This brings us to Monday and the purpose of our visit. We boarded a train that morning for a two-hour trip to Florence, where we planned to scatter our mother’s ashes. We had no set plan other than finding her beloved Hotel Principe, where she spent many trips to Italy enjoying the view from her balcony of the River Arno, which flows through the city.
At this point, I’ll stop talking and just let the pictures speak for me.
It was a long journey, but we finally completed the only last request our mother ever made of us. That journey didn’t happen without some fair share of family drama along the way, but as my dear friend Jani says, our family remains in relationship; we work through things rather than throw up our hands and walk away.
I’m not sure I can put into words what this week with my siblings and our dearest life companions meant to me, nor how I felt standing on the banks of the Arno with them as we watched our mother float down that river to become part of the place she loved so much. This week together was for her and from her. We now carry that Italian piece of her heart with us, always.
As we walked back across the river, we saw a young couple sitting under the tree where we had so recently created a small memorial to our mother -- a poignant reminder that life goes on, and so must we.
We now set our sights on meeting up with an old family friend -- Carla Lanzarini, who lives in the Umbrian city of Cento. There’s a great background story to how we met Carla. Many years ago, my sister-in-law, Lauren, starred in a soap opera called Loving. It became a hit TV show in Italy, and Lauren and her TV husband in the series were major stars there. That prompted the network to send them to Italy on a promotional tour. Carla was Lauren’s #1 fan, and later traveled to New York to visit her. Over the years, she became a friend to the entire family, including our mother.
After lunch, we wandered the city for a little while longer, but the heat of the day was getting to all of us. We said our goodbyes and boarded the train back to Orvieto around 4 pm.
My brother-in-law, Eric, had been suffering from an increasingly painful toothache, and when we arrived in Orvieto, he decided to go back to Benano. The rest of us headed back up the hill for one of the most delightful meals of our time together.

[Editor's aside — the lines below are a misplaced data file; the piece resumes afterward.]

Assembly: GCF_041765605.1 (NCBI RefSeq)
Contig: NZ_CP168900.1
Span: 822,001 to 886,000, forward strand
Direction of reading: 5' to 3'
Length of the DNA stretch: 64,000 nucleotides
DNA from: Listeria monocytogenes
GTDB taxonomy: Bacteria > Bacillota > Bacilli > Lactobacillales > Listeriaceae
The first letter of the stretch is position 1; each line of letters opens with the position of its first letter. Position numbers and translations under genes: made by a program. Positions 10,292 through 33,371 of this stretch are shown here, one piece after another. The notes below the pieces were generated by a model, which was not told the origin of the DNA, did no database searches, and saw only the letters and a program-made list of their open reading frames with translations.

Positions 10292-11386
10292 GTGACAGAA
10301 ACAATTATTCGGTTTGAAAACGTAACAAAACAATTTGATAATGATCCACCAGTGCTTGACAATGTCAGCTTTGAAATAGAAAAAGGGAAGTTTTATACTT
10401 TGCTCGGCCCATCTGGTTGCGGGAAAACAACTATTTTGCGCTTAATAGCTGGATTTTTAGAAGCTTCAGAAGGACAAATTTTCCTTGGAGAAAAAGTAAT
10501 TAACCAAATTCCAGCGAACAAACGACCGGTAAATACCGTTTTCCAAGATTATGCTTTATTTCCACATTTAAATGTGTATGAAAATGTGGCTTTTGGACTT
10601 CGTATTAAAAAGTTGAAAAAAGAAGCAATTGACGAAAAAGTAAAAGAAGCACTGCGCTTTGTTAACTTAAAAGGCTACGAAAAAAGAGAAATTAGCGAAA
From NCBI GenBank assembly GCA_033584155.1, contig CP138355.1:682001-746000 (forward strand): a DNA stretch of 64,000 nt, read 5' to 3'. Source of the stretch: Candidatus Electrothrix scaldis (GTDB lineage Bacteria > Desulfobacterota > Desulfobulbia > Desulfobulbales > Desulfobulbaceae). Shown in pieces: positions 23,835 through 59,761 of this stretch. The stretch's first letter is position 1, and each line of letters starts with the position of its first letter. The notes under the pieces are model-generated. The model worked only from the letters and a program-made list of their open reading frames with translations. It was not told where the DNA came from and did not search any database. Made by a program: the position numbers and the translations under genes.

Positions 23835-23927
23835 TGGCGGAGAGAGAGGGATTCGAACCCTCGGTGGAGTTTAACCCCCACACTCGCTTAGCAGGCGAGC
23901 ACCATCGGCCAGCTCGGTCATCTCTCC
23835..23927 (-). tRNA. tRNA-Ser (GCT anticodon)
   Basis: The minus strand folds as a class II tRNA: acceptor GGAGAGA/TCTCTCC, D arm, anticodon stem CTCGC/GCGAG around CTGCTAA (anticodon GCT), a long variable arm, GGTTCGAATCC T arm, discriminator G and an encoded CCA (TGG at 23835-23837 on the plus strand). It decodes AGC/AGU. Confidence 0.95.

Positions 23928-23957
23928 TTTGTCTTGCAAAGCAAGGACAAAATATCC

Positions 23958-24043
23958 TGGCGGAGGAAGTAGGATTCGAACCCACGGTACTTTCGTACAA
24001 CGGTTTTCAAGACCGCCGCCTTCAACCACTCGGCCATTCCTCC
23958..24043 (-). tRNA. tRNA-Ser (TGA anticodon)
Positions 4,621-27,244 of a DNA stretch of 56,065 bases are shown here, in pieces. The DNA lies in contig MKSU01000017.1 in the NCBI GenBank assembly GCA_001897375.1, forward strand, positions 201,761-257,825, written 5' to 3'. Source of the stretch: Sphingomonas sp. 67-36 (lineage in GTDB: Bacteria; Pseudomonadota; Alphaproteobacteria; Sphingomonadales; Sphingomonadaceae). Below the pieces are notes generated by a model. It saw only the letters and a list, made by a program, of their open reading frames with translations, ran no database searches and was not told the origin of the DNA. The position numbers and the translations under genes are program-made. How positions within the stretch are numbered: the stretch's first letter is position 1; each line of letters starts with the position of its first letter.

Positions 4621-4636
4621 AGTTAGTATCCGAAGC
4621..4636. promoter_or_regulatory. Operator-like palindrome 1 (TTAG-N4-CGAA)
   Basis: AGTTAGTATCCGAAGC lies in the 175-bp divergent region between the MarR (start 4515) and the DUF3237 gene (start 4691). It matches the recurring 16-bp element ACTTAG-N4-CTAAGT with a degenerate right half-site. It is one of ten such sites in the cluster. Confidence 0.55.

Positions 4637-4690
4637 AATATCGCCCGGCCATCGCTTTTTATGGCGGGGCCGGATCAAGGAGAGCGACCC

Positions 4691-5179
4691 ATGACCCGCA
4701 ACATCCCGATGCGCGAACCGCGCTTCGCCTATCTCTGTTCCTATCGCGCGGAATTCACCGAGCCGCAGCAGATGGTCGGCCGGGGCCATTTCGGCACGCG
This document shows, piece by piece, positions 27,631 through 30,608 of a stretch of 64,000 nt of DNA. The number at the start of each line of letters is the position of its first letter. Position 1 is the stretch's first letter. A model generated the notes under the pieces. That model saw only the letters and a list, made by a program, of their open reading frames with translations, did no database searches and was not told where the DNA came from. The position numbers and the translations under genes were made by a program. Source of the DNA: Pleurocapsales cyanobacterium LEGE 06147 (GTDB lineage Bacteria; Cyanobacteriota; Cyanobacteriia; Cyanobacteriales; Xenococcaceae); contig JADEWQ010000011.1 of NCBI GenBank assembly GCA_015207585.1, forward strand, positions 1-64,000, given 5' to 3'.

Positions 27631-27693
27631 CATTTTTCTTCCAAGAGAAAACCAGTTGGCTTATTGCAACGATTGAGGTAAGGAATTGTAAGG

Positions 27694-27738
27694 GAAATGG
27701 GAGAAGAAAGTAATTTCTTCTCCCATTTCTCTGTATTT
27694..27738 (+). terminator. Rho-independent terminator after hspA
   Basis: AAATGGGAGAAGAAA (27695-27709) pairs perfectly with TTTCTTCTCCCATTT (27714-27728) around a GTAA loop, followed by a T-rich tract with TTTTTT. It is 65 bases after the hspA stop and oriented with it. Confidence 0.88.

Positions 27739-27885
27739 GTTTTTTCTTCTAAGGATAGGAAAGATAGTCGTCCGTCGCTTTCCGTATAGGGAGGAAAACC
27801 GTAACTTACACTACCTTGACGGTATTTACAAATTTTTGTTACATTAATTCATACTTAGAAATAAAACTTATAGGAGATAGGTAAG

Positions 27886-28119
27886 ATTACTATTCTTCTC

With Lauren being a vegetarian and Susan a vegan, finding restaurants could be a challenge at times. We were all hungry, and finally selected a place that appeared as if it could provide Susan with something acceptable. From the outset, though, the proprietor made it clear he wasn’t thrilled that we’d chosen his restaurant. Whether it was our group’s size or the fact that we were Americans -- we didn’t know. Susan was feeling especially grumpy that night about her food choices. Her mood was not improved by the owner’s constant “no, we can’t” to every request.
But then to our delight, our waiter, Antonio, would flit in after every annoying encounter with the owner, smoothing things over -- hand to the side of his mouth, sotto voce -- complaining that the owner was new and didn’t know how to properly treat customers, and that he, Antonio, would be more than happy to make up for the owner’s failings. Which he did at every turn.
It may have all been a well-rehearsed schtick, but it was a delightful one!
On Tuesday, we carpooled to another Umbrian hill town, Montepulciano. As anyone who spends a concentrated amount of time with extended family knows, you eventually reach a point where the constant togetherness begins to wear a little thin. That happened to us in Montepulciano.
But before the breaking point, we parked our cars at the foot of this hill town, and walked up the steep road to the city center of yet another of the lovely hill towns with lovely views that dot this area of Italy.
A few of us stopped off in the Museum of Torture -- a graphic reminder that our species’ history of doing horrible things to one another stretches way back. I’m surprised I haven’t had nightmares about some of the things I saw (and worse, the things I read about how the contraptions were used).
We’d arrived late morning, and by the time we’d finished looking at the museum, we began to talk about finding a place to eat. At this point, though, the Dawdling Didrichsen tendency set in. We’re like the dog from the movie “Up,” except substitute “Wine Bar!” for “SQUIRREL!” And it was a cool wine bar, with clear floors revealing ancient Etruscan ruins below.
But by the time we finished our wine, and stopped off in a couple of more gift shops, we hit the magic hour when the restaurants all over Italy close and don’t reopen again until 7:30. It made for a grumpy walk back down the hill and a long ride home.